As some of the testimony today reveals, many scientists and advocates believe that this line of research is both ethically proper and appears extremely promising. Many believe that the problem of potential rejection of new stem cell-derived tissues could be minimized, and perhaps avoided altogether, by this DNA regenerative therapy.
Other well-respected experts and groups will tell us that not only is the science being over-hyped, but there remain fundamental legal and ethical objections to this line of research because the very creation - and subsequent destruction of -- these new types of cloned embryos is inherently immoral.
A question with which the Senate struggled in 1998 and with which we still struggle with today is to see whether we can find a way to outlaw the offensive uses of cloning techniques, but do so in a manner that does not bar potentially life-saving and ethically proper scientific research.
I commend Senator Leahy and Senator Feinstein for holding this hearing today so we may
more fully explore these complex issues. The Senator from California, together with our colleague, Senator Kennedy, has offered legislation on this topic. As well, Senator Specter, in partnership with Labor-HHS Appropriations Subcommittee Chairman Tom Harkin, has held over 12 hearings in this general area, and they have also offered both legislation and leadership in the biomedical research arena.
Frankly, I think we all need to take our hats off to President Bush and Congressional leaders like Arlen Specter and Tom Harkin for the bipartisan achievement in doubling our nation's investment in biomedical research at NIH over the past 5 years.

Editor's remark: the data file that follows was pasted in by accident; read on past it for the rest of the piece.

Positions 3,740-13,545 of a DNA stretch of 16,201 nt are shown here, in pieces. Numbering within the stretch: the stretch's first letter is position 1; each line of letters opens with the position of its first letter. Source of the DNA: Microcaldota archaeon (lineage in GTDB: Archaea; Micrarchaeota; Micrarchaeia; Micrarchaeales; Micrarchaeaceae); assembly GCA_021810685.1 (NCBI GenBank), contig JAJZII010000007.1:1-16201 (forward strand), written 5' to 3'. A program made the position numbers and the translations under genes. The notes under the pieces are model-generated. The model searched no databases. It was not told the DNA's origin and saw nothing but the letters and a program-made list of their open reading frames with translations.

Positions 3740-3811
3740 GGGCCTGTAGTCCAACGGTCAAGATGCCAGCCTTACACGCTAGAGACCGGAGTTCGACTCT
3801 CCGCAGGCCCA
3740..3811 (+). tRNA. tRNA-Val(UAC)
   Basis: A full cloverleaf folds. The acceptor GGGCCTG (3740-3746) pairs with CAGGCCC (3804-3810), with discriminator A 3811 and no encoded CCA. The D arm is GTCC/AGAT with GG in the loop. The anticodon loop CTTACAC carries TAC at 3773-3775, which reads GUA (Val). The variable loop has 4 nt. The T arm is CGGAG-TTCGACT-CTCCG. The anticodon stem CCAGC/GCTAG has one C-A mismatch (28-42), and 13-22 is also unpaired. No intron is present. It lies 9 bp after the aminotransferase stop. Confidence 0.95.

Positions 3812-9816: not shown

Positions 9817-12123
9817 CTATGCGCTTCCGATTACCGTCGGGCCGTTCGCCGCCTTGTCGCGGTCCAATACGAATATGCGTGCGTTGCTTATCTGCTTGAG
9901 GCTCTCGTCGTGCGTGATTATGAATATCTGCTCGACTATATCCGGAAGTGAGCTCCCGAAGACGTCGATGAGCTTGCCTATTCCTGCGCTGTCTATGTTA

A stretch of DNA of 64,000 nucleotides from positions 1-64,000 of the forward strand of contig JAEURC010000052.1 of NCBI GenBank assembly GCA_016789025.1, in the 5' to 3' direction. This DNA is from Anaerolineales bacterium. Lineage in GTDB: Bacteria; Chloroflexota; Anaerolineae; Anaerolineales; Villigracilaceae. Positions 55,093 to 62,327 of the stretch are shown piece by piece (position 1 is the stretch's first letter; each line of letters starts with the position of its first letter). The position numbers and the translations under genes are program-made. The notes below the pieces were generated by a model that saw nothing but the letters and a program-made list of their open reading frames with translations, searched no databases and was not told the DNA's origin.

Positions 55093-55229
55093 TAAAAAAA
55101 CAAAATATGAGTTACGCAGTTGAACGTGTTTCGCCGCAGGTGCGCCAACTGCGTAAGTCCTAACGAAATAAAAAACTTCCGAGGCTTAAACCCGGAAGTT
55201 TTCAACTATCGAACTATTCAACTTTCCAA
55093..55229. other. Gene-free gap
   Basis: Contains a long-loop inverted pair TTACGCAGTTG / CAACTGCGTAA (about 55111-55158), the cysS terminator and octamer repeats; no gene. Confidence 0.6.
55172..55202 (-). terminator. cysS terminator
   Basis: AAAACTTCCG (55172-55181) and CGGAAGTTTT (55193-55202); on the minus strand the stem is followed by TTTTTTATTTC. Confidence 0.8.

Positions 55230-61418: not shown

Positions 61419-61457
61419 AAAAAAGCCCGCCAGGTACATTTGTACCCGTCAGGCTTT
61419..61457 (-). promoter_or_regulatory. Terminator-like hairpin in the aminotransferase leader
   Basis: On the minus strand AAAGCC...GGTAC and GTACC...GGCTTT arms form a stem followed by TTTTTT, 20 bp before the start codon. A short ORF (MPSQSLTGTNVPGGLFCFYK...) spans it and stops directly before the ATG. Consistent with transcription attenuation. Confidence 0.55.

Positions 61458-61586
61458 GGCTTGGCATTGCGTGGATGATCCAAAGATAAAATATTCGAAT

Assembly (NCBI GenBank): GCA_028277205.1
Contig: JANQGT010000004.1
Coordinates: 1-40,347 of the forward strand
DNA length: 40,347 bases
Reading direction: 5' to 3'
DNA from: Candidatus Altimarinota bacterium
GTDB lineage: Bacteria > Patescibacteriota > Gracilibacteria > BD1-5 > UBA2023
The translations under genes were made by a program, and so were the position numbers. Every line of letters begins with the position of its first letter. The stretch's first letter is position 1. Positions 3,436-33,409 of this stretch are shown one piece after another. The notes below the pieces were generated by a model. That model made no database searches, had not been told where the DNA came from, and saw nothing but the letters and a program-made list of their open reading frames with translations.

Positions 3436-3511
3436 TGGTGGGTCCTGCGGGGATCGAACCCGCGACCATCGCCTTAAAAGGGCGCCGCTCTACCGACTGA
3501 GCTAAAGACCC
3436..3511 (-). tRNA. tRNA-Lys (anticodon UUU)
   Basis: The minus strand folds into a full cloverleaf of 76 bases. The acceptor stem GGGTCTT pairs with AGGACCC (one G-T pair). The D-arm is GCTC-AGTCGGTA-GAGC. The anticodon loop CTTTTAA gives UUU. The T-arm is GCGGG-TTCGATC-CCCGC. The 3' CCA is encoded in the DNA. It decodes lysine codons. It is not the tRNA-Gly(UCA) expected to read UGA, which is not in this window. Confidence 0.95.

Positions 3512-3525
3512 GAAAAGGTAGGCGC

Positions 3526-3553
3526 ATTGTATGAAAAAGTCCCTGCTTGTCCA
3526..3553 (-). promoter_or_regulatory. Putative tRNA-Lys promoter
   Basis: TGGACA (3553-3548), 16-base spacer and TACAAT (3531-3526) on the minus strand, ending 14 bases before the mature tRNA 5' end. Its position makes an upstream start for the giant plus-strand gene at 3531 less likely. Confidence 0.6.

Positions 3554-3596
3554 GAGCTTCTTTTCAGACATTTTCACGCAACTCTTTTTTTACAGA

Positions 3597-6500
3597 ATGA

My pro-life colleague and good friend, Senator Brownback, takes a different view than Senators Feinstein and Kennedy and Specter and Harkin on some key aspects of cloning legislation. He, too, has offered a bill. It is similar to the measure sponsored by one of our most influential witnesses today, Rep. Dave Weldon, that passed the House last year. We welcome Representative Jim Greenwood here today and commend him for his efforts as well.
I am studying the issues and the proposed legislative responses. I have met with experts on all sides of this issue and welcome the opportunity to learn more today.
This debate today will inevitably and ultimately involve questions regarding when and under what circumstances life begins. As we saw during the debate on the federal funding of certain stem cell research last year, these are difficult issues and opinion is unlikely to be monolithic.
Public education and debate are essential in our pluralistic society if we are to reach acceptable compromises on contentious issues. Toward this end, I would repeat a thought I raised at a Judiciary Committee mark-up last August when I wondered aloud whether the development of an egg incapable of implantation might alter the debate of these issues? I intend to ask this question of the witnesses today.
I hope that today's hearing will help the members of the Committee gain a better understanding of the science, law and ethics of cloning. It is my hope that this Committee and the Congress will be able to arrive at a reasonable consensus on a policy that fully respects the dignity of humanity with respect to reproduction and research.